Here is some practical advice to help children develop a positive and healthy body image:
- Increase sensory input (rocking, cuddling, caressing) to teach children, from an early age, that the body can be a source of pleasure and comfort.
- Encourage children to pay attention to physical sensations (hunger, feeling of fullness after eating, fatigue).
- Avoid comments about your own body and weight and about “foods one shouldn’t eat” (foods that “make you fat”).
- Plan regular family mealtimes to help children develop a healthy relationship with food.
- Do not force children to eat if they do not feel like it. Do not deprive them of certain foods or refuse them a second serving if they are still hungry.
- Do not use food as a reward for good behaviour.
- Do not talk about diets, weight-loss programs, etc.
- Show children role models who are comfortable with who they are, regardless of weight or shape.
- Give children ample opportunities to play outside and take part in active games.
- Encourage children to participate in activities like soccer, dance and the martial arts so that they can improve their physical abilities and feel competent.
- When you give children a compliment, you can obviously compliment them on how they look, to help them to like themselves the way they are. But make sure that you also praise other aspects, such as their personality.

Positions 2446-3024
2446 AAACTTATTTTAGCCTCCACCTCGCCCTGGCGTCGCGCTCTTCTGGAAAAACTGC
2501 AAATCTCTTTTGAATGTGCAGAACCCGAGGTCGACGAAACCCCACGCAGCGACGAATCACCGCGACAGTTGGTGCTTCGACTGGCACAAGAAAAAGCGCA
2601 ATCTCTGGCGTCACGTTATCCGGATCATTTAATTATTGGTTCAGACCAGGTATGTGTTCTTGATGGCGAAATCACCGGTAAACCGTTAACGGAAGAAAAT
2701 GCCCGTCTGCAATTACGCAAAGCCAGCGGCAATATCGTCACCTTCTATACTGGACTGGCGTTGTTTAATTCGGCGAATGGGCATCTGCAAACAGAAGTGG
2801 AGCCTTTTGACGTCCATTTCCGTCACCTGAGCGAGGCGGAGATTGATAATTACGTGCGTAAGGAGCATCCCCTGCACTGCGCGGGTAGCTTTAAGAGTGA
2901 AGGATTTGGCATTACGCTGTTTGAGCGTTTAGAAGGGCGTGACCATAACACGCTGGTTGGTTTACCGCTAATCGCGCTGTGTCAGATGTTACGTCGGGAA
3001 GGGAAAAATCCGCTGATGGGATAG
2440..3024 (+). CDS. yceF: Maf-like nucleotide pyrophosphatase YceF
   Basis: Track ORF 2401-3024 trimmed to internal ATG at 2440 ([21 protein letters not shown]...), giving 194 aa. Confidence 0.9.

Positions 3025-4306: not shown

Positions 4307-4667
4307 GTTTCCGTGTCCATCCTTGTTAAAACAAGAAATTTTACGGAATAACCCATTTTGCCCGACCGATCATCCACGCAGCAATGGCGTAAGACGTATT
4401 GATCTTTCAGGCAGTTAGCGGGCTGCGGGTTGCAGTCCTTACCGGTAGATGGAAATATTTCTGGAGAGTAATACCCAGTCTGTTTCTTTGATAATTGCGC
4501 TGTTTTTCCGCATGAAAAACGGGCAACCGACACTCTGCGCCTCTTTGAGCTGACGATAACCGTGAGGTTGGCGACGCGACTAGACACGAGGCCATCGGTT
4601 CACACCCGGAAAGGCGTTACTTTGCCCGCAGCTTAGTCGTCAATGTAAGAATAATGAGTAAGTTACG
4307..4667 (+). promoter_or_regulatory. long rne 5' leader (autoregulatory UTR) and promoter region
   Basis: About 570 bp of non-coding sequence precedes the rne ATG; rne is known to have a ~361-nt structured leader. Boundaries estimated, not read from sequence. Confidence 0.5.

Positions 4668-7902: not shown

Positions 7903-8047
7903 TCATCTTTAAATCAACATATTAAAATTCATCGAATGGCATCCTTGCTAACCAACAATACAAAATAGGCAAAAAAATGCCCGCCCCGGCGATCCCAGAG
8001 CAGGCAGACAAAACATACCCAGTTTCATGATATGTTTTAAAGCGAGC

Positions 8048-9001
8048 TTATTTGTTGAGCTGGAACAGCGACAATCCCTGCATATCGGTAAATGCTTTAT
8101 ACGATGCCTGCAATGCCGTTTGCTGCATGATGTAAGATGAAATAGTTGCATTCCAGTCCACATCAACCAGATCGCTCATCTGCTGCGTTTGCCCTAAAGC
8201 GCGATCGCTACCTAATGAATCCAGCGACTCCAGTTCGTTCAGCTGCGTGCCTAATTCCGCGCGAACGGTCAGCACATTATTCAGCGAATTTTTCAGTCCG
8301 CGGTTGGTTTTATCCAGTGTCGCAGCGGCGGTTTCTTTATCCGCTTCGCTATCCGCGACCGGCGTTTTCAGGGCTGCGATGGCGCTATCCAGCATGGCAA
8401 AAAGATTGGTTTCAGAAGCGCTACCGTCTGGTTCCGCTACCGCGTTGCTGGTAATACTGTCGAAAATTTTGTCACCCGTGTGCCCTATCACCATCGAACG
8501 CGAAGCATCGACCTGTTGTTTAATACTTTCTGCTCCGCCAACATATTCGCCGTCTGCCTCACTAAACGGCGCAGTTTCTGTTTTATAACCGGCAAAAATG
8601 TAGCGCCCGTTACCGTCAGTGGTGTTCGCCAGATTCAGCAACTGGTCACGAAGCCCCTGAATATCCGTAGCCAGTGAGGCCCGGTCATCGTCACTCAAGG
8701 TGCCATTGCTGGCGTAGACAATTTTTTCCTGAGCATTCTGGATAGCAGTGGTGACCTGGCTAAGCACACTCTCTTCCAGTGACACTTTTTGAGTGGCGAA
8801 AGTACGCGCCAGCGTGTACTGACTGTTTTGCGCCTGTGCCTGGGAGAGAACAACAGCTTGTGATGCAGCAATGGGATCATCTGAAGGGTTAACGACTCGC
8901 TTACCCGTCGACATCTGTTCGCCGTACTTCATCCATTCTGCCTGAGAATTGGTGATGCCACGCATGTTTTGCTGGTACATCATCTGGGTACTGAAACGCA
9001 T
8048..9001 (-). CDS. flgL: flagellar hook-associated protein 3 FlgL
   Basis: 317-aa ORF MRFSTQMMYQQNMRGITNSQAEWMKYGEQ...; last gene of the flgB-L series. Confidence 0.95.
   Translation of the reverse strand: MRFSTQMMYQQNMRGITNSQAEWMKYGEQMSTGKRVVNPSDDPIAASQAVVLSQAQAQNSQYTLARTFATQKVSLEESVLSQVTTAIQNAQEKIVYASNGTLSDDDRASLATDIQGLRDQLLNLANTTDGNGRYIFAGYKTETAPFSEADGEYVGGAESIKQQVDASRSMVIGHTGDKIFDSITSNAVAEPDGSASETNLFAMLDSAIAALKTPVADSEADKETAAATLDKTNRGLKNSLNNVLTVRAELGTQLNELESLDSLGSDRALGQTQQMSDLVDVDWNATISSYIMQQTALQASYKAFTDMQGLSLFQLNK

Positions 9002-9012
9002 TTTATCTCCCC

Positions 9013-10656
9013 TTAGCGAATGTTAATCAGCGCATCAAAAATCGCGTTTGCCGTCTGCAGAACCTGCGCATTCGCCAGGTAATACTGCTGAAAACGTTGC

- Teach respect and do not tolerate mockery or taunting, especially if it relates to physical appearance. Teach your child how to respond to taunts and talk to them about the consequences of bullying.
- Teach children to be critical of manipulated or doctored images (e.g. Photoshop).
- Before children reach adolescence, talk with them about the changes their bodies will undergo at puberty. Also discuss genetics and different types of body shape.
Contact Anorexie et boulimie Québec
Ligne d’écoute et de références: 1 800 630-0907
Phone: 1 800 263-2266
Text: (514) 600-1002
- Dossier Corps de Rad (available in French only)
- Bien avec mon corps (available in French only)
- Prix ÉquiLibre (pour les entreprises) (available in French only)
Last update: March 10, 2023